Mental health has become a major talking point in cricket of late, with more and more prominent players opening up on the subject. Brian Lara, still the holder of the highest individual score in Test and first-class cricket, is among many to welcome the discussions on the subject, calling mental-health issues "real", and a "part of all sport", which "is coming to the fore now with a lot more aggression".
Lara is one of the greats of the game, and his 400 not-out against England in a Test in 2004 and 501 not out in a County Championship game in 1994 remain the top batting efforts in the longer formats of the game. To most outsiders, he was as close to infallible as could be during that period, but Lara, speaking at a charity golf event in Mumbai on Friday, revealed that it was far from smooth sailing for him.
"... From the beginning of my international career in 1989 to about 1995, it was on an upward spiral. I don't think a lot of people will appreciate (but) from 1995-98, it was on a downward spiral," he was quoted as saying by PTI. "I felt the pressures of being a double world-record holder, (it) played its part and the West Indies team was on its decline.
"I remember on occasions where I lay in my room feeling the despair. It [mental health issue] is real, it is part of all sport and it is coming to the fore now with a lot more aggression. Players are at least standing up and saying 'I need to just remove myself, fight myself and come back again'."
"I believe records are meant to be broken, even David Warner may have a next chance. He is an attacking player, who can put your team in a winning position"
Rachel Trenaman, the Sydney Thunder and New South Wales allrounder, became the latest to ask for time off from the game to focus on her mental health. In just the past few months, England's Sarah Taylor has retired from the sport at just 30 years of age, and Australians Glenn Maxwell, Will Pucovski and Nic Maddinson all took breaks to address their problems before returning to action.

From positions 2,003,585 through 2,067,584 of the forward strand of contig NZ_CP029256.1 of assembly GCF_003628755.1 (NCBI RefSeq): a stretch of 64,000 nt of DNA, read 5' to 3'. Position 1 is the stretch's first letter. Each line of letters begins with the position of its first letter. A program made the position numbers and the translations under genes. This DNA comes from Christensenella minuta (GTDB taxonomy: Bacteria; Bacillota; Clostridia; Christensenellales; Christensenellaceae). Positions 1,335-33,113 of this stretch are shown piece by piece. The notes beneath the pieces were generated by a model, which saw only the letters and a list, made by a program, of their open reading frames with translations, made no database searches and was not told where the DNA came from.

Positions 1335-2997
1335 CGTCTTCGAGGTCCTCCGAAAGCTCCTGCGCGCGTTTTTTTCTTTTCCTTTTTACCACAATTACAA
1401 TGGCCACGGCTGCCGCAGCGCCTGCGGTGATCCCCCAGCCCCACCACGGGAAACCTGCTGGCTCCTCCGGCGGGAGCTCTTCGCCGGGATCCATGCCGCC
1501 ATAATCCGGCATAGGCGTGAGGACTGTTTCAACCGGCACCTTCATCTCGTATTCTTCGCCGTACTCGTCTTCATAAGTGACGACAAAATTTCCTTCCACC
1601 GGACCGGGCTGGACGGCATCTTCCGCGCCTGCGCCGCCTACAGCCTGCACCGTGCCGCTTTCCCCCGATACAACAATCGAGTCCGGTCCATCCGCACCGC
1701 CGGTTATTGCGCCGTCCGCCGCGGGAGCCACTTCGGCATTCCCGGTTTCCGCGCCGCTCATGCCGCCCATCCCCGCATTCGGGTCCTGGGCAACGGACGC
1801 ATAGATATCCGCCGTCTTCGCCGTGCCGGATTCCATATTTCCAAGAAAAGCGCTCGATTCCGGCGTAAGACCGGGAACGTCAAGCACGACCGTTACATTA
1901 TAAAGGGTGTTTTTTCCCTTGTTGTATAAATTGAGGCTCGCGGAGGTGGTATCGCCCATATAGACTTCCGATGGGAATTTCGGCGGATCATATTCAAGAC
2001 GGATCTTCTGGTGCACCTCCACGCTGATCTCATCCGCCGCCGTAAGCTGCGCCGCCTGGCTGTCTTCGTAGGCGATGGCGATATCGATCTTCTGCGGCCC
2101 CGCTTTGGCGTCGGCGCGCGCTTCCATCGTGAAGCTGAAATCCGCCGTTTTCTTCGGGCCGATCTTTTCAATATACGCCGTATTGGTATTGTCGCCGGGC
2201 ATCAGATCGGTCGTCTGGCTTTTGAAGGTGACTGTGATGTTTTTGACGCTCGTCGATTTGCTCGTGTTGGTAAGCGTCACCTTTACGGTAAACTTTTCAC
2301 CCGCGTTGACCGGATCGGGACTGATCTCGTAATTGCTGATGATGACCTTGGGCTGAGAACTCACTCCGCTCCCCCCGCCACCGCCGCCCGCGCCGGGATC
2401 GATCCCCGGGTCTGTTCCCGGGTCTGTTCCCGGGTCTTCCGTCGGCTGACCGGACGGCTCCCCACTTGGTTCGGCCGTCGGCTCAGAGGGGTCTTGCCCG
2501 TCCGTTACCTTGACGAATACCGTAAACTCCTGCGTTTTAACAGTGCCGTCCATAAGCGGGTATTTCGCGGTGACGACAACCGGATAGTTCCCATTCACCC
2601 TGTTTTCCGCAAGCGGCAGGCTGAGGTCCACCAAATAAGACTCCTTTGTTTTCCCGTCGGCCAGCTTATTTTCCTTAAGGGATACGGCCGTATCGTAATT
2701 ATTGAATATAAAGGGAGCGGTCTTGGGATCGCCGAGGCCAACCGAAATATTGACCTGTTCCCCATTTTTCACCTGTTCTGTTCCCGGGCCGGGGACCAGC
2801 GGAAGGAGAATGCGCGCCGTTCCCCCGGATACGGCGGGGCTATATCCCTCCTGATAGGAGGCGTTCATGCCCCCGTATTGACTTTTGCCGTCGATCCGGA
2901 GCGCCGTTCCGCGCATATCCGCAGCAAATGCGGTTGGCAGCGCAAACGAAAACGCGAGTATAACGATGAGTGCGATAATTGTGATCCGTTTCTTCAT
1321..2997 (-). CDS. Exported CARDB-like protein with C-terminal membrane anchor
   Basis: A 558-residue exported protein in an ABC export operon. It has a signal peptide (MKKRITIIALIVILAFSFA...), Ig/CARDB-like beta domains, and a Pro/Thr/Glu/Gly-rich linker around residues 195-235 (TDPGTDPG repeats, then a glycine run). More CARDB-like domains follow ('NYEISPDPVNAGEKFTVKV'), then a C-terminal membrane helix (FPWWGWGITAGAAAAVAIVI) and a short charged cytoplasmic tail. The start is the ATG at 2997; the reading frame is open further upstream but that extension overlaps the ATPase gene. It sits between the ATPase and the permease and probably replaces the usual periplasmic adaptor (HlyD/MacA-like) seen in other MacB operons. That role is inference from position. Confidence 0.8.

"... The kind of pressures the players are in now, may be before in the 70s and 80s, you played for the love of the game, you played for your country, you loved Test cricket," Lara said. "With all franchise cricket going on around in the world, the intensity of the game, sometimes is a burden. Guys are playing for England and not playing county cricket, guys are playing for Australia and not playing Sheffield cricket (and) that just tells you how mentally draining it is.
"[It's] something that we should stand up and pay attention to."
Lara's 400 not-out was under threat just the other day when David Warner hit 335 not-out in just 554 minutes in a Test against Pakistan in Adelaide. There was a lot of time left in the game but with the weather forecast being a bit iffy, Australia decided to declare at that point - Warner had just gone past the 334-run mark of Don Bradman and Mark Taylor - to press for victory. Tim Paine, the Australia captain, has had to answer questions about the declaration since, the argument being that there might have been time for Warner to chase Lara's record and for Australia to win - victory was achieved well inside four days in the end.
"I felt that David Warner should have been given an opportunity to go for it," Lara said. "I happened to be in Adelaide and I thought it was kind of destiny being there. We do understand, obviously any team, who have forced themselves to a very good position would want to get (give) the opposition a chance (to bat) the second, evening.
"I believe records are meant to be broken, even David Warner may have a next chance. He is an attacking player, who can put your team in a winning position."